By Huw Jones
LONDON (Reuters) – Britain’s finance ministry said on Thursday a former financial services commissioner for the European Union will review listing rules to make London more attractive for tech companies.
Jonathan Hill will look at free floats and dual class share structures, the finance ministry said, as Britain reviews its rules to ensure London can compete with New York and Asia as it loses unfettered access to the EU, its biggest customer.
Firms listed on the London Stock Exchange must currently have a minimum 25% of their shares available for trading, but some tech entrepreneurs are keen to maintain control of their companies and deter hostile takeovers by having a lower free float.
Dual class share structures, common in the United States but restricted for top listed UK companies, allow some shares more voting rights than others.
Shareholder groups oppose dual class shares, saying that “one share, one vote” ensures better standards of corporate governance and protects minority shareholders.
“More dynamic equity markets will enhance the UK’s position as a world-leading financial centre, and drive growth and innovation across the wider economy,” Britain’s finance minister Rishi Sunak said in a statement.
There are 1,100 companies listed on the London Stock Exchange, with a market capitalisation of 3 trillion pounds, making it one of the world’s deepest capital markets.
Listings competition is intense, as highlighted by London and New York battling each other when Saudi oil company Aramco was considering an overseas float.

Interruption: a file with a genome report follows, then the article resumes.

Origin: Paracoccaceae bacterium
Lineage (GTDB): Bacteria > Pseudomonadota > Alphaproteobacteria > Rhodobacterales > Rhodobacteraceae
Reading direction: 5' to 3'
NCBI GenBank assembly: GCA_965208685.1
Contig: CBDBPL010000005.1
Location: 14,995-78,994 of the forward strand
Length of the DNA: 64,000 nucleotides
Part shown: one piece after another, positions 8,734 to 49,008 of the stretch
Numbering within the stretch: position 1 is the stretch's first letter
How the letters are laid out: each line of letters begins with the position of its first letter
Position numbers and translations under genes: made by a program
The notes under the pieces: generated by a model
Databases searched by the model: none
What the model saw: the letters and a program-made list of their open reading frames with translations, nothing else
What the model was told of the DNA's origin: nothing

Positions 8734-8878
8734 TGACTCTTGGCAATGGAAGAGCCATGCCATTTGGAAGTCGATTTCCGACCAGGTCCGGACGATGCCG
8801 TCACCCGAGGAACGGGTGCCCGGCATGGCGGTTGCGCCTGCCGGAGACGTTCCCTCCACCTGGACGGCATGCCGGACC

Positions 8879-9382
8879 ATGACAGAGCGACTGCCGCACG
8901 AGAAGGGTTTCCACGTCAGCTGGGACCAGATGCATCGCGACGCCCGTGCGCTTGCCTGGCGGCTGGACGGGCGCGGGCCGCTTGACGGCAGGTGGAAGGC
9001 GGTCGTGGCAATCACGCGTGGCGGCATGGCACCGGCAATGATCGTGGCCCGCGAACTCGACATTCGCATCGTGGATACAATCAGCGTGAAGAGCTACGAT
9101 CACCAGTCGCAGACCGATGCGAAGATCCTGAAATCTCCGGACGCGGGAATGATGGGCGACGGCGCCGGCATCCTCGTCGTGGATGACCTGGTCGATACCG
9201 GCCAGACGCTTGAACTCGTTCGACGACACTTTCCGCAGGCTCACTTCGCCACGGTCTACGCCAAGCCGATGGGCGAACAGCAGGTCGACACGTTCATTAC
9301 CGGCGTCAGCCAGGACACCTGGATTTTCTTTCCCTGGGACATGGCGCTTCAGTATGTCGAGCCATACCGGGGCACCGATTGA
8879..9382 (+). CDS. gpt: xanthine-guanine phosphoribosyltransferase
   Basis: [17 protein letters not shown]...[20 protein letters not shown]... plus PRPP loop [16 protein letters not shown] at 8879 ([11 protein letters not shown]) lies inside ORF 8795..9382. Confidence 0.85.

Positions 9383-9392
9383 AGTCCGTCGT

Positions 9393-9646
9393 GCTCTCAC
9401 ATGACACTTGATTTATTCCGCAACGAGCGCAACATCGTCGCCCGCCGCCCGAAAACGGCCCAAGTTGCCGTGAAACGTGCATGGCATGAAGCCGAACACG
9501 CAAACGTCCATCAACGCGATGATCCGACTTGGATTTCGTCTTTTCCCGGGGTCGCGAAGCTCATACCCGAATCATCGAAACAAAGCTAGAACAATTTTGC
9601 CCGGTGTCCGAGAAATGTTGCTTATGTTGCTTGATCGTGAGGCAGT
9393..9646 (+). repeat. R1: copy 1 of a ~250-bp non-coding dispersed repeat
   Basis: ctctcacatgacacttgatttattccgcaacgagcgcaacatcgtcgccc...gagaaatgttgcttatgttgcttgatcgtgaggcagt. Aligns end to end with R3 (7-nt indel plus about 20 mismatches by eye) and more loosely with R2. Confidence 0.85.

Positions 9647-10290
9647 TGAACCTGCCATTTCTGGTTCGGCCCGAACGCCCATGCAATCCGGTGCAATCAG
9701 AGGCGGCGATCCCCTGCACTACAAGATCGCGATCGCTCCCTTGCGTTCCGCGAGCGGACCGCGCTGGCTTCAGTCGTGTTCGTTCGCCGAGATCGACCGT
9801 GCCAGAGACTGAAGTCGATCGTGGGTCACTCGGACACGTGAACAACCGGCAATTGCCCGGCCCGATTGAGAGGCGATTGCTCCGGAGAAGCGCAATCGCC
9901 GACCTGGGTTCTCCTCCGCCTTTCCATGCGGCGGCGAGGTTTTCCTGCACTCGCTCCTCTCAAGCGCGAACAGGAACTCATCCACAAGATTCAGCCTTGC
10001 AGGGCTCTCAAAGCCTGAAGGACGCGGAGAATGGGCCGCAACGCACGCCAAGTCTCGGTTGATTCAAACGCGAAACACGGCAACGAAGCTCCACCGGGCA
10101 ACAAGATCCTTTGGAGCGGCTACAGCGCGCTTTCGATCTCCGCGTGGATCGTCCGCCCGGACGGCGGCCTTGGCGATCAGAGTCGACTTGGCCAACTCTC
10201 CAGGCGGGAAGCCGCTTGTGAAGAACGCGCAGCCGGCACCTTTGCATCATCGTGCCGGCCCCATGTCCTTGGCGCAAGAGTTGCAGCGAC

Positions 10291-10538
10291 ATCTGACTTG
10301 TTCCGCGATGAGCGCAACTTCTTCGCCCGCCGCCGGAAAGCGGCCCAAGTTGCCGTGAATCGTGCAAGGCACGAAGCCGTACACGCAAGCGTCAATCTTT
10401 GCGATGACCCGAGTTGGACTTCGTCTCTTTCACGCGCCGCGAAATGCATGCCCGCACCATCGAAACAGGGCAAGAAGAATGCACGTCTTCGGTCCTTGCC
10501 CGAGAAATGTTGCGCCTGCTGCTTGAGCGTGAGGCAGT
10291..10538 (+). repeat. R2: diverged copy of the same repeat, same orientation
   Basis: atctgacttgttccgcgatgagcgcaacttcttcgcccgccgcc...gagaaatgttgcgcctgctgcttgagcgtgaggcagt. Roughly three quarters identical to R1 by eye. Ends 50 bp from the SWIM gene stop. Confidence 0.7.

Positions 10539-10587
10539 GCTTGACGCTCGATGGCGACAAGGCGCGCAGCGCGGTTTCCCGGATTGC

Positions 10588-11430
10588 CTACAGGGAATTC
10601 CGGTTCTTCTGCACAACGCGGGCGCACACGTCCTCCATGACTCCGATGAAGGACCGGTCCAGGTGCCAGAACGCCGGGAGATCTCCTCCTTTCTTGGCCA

British electric van startup Arrival said on Wednesday it is merging with CIIG Corp <CIIC.O> to get a U.S. listing.
Faced with such competition, the London Stock Exchange, the government and banking officials have launched a charm offensive to persuade British online food delivery business Deliveroo to list in London, sources have told Reuters.
Hill’s review will make recommendations to the government and the Financial Conduct Authority early next year.
Gavin Rochussen, chief executive of Polar Capital asset manager, said there has been a big trend of companies opting to raise capital privately rather than through a public listing.
“That has, I think, got to do with the listing rules, the disclosure rules and so on… So I do think it needs addressing,” Rochussen said.
Hill will also look at requirements on companies drawing up a prospectus for investors, review existing rules for secondary listings, and rules that require companies to provide a “track record” of their financial performance.
(Additional reporting by Simon Jessop and Abhinav Ramnarayan,; Editing by Alexander Smith, Kirsten Donovan)